A year ago, the phrase “Oh no, I forgot my mask!” would be crazy to say, and most of us had never heard of Zoom, let alone attended a class using it. But life has changed pretty drastically in 2020 thanks to COVID-19.
In March 2020, we were confused as quarantine first started. College students didn’t return from spring break, most jobs closed or began working from home, and only essential businesses remained open. It was a time of uncertainty for everyone.
Students’ jobs were affected, too. Ashlyn Voetberg works at the Starbucks located inside Price Chopper, which increased in business.
“All the other Starbucks in town closed, so the one at Price Chopper was extremely busy. Plus, we had new sanitizing procedures and had put up the barriers in front of the cash register,” Voetberg said.
But while many businesses were struggling, one platform grew like wildfire: TikTok.
TikTok was popular before COVID-19 but grew in popularity as more people stayed home with less to do. The app allowed people to connect, from recreating trendy dances, to telling stories and sharing recipes.
Many people remember the stages of quarantine based on TikTok trends. In April, people binge-watched Tiger King on Netflix, made whipped coffee, started at-home workouts, crafted, and baked bread. Then came political turmoil with Black Lives Matter protests and TikTok users trolling Trump rallies. But then trends lightened again as people needed a distraction from the world, such as playing Animal Crossing and dancing to WAP, which had just come out.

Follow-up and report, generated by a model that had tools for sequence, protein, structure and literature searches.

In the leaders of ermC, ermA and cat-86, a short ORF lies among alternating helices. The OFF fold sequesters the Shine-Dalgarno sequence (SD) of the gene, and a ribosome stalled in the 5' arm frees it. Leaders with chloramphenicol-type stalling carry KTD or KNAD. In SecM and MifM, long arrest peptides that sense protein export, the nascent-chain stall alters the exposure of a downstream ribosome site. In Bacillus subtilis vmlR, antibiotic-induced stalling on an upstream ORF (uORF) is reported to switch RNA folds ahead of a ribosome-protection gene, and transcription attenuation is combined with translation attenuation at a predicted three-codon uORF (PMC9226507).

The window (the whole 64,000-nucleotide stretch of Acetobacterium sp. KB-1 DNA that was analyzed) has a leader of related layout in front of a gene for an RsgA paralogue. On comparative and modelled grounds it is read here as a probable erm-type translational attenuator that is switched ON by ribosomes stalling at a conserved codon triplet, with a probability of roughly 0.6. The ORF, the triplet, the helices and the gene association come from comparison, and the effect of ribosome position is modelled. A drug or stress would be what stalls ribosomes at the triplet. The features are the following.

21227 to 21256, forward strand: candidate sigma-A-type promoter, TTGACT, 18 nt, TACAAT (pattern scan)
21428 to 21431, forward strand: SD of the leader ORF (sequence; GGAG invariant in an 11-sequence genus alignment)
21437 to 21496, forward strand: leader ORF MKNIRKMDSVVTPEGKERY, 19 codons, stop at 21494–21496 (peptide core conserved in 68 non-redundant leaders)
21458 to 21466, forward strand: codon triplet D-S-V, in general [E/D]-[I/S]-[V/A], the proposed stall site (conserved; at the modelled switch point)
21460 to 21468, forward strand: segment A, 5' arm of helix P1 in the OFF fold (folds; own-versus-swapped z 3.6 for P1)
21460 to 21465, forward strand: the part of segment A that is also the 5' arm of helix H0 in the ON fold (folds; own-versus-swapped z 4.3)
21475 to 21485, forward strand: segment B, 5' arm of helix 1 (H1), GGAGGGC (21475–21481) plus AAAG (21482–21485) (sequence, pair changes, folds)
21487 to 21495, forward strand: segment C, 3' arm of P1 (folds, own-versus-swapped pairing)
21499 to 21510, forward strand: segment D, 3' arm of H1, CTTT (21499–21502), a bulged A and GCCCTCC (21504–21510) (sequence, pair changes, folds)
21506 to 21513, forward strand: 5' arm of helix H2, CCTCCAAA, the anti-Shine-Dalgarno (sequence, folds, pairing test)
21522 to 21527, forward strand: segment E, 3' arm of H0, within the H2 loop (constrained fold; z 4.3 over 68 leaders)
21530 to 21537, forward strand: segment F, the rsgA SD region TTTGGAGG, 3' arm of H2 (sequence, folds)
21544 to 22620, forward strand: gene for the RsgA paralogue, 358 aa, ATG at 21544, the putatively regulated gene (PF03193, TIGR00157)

Gabriella Higgins is a sophomore at Missouri Western and not only did she, but her entire family created TikTok’s during quarantine.
“The whole family would do TikTok’s just for the fun of it. It was a very interesting thing to be a part of,” Higgins said.
While normal life seemed far from reach, people made the best of it. Being at home allowed people to spend more time with their families.
“I think quarantine was needed for everyone,” Higgins said. “I think it showed us how easily our lives can be changed, and we should be thankful for the freedoms we have. Also, my family got a lot closer. Everyone is getting older and on the journey of our new lives, so we hadn’t been spending much time together. I’m thankful for that.”
Lynzi Miller, a junior at Missouri Western, mentions that not only did she get to see more of her family, being at home also made her realize what she took for granted.
“Moving back home made me much closer with my family partially because my mom was my boss and I worked with a bunch of my relatives. It also made me realize that I took a bunch of stuff for granted like being able to practice and run track with my team at college,” Miller said.
Overall, during a crazy time in our lives, people made the best of it. While COVID-19 is a horrible thing, being in quarantine did allow people to experience some positives in their life such as trying something new, having more time, or seeing more of their family. It was a change in daily life for all.